she wanted to pass biden's covid relief bill in two weeks using budget reconciliation. look, i think a lot of us have identified that congressional democratic leadership may have much less patience than president trump has in trying to find bipartisan cooperation. what is that level of patients? how much patience does president biden have in trying to find ten republicans and avoid having to do this on a party line vote? >> well, we were going to move fast and we're going to move bipartisan as you said at the top of the show. the president's chief economic adviser is meeting by phone, zoom today with 16 senators, eight democrats, eight republicans. we're reaching out to people. i don't think bipartisanship and speed are enemies of one another. the need is urgent. americans, both democrats and republicans are dying. kids' schools that take care of both democratic and republican kids are closed. people are on unemployment.
8:15 am
people are in food lines. that's not a party issue. let's try to move on a bipartisan basis and try to move quickly. speed is very important here, chuck. >> are you willing, for instance, to table your push for upping the minimum wage if it got you the ten republicans you needed and you got everything else? >> chuck, i'm not going to negotiate on "meet the press." >> why not? >> our goal is to raise the minimum wage. it doesn't seem like the most effective way to get things done in my view. here is the point. the president put a plan before the country. i think that's what the country wanted to hear. without delving back into the past, we didn't have this kind of leadership before. he said here is what needs to happen. we're very dedicated to passing the minimum wage. we think that's an urgent priority. we're going to push congress to pass our priorities. that includes the minimum wage. what we want to do is work with the congress, reach out to members in both parties. see what can get done as quickly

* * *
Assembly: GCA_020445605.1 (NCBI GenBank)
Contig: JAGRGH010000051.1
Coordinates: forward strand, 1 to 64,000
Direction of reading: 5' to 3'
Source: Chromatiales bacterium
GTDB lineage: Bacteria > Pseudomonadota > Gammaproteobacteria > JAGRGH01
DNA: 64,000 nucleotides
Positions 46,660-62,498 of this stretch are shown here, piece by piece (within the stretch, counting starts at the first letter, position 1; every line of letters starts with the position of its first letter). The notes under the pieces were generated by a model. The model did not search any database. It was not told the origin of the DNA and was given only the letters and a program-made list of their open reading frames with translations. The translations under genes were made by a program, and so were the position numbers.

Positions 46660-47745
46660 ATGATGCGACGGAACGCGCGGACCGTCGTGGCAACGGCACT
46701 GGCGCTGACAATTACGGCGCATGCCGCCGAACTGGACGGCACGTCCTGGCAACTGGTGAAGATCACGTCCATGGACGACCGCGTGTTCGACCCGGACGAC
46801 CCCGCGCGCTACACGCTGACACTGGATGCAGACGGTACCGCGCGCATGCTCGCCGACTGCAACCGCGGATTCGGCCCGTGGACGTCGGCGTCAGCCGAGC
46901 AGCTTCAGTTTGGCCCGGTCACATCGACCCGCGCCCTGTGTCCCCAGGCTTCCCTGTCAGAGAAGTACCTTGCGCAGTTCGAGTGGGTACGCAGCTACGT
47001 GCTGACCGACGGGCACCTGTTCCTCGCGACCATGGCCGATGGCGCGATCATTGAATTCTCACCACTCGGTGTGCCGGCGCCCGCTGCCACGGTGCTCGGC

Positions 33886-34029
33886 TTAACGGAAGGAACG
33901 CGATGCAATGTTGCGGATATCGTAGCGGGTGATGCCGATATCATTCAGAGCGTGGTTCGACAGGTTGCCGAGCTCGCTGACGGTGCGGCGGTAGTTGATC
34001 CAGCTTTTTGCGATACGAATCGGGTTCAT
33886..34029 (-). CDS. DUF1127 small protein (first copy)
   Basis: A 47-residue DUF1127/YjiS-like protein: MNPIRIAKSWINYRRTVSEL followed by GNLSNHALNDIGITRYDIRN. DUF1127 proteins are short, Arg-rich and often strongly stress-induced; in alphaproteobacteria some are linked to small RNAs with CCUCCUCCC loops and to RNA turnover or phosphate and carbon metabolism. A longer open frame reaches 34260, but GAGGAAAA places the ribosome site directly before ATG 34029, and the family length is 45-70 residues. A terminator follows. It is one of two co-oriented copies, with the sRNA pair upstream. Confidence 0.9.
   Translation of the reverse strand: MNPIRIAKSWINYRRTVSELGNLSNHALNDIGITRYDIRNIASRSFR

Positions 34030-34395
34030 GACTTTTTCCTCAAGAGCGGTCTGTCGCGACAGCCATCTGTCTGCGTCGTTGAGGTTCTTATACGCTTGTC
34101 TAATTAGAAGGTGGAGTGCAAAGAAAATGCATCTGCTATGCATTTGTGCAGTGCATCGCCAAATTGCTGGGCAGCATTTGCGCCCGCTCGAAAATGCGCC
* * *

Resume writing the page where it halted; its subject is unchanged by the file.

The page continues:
8:16 am
as possible. we think the minimum wage should be part of this emergency relief package. >> i want to ask you about your relationship already with senate republicans, mitch mcconnell and joe biden we know have a long personal history. how would you describe the cooperation you feel you've gotten so far from senate republicans? >> you know, chuck, i think by and large we've seen a lot of progress on this front. obviously we got some senate hearings held, held by republican-led committees for our nominees before the switchover this past week. we've seen two cab nat nominees confirmed already, and we hope to get votes on a number of others this week. i which we could get a little less republican blocking on secretary mayorkis. our homeland is under threat. i wish we could move faster. hopefully we'll see progress